"[People] need to take a look at themselves and get checked," Carew said. "What you see on the outside is not what's going on on the inside. I just wanted it to be an eye-opener for people, giving them a little bit of advice and allowing them to see that it can happen to any one of us. And they've got to have faith. They've got to have faith. Because it plays such a big role in what I've gone through over the years."

This isn't the first time Carew has released an autobiography. The first, titled "Carew," was published in 1979. That's when Carew was traded from the Twins to the Angels, and he worked on that memoir at the urging of his agent, who wanted fans in Southern California to get to know the star infielder who would go on to finish out his 19-year career in Orange County.

That one revolved around Rod Carew, the baseball player. "One Tough Out" is more personal, with the stories of 3,053 hits and seven batting titles crammed into one of the three parts of the book, which is tied together by a focus on Carew's drive to help the community and his unwavering faith amid a host of personal and health-related struggles that strongly impacted every facet of his life before and after the baseball.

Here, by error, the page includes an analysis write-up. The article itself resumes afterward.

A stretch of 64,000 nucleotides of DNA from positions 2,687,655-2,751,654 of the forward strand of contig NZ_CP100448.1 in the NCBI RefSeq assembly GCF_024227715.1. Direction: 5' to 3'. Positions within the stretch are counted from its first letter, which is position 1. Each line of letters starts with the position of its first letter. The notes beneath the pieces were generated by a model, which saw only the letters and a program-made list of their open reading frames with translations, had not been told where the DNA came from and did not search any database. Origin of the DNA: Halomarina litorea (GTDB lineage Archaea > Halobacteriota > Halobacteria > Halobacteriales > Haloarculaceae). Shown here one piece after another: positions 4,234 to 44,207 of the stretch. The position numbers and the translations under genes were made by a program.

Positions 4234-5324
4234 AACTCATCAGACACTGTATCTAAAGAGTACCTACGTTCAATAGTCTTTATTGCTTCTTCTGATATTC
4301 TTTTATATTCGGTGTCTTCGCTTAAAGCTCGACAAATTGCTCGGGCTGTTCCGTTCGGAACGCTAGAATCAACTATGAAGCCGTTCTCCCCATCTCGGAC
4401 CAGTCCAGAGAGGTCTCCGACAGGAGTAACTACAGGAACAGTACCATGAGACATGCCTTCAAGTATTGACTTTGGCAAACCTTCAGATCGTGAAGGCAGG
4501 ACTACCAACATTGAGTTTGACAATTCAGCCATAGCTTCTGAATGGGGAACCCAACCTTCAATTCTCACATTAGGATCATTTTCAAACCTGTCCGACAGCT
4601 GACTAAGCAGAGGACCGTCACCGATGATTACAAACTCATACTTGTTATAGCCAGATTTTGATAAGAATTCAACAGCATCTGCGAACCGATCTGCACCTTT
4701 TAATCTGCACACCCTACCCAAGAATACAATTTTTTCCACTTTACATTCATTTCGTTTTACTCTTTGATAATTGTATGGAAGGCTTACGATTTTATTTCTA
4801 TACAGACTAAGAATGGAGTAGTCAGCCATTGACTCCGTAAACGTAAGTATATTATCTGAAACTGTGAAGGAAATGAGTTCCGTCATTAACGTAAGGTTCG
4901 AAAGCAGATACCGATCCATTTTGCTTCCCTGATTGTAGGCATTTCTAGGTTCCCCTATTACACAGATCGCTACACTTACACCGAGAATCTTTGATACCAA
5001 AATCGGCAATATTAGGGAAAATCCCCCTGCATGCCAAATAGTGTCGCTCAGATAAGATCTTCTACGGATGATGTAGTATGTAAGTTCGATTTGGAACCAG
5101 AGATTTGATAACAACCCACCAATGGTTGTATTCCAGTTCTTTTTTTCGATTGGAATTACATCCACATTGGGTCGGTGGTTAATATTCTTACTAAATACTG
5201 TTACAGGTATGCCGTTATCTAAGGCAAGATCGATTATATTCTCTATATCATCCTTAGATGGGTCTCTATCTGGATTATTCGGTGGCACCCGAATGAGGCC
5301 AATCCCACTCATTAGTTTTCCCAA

"I had to grow up," Carew said. "And I did some real fast growing up, especially after I lost my first child. It was the most hurtful thing that a parent could go through. After that, she helped me in such a way to reach out to people, because she knew I wasn't very good with the press, and she said, 'Daddy, you've got to. If anything, I want you to, because it's important. There's so many kids that you can be a voice for.'

"If it wasn't for her, I wouldn't have opened up the way I have over the last however many years."

As Carew details, he had a lot of growing up to do because of his upbringing in a household with a physically and emotionally abusive father in Panama, and he opens up about how those experiences caused him to build up his emotional defenses and naturally lack trust in those around him.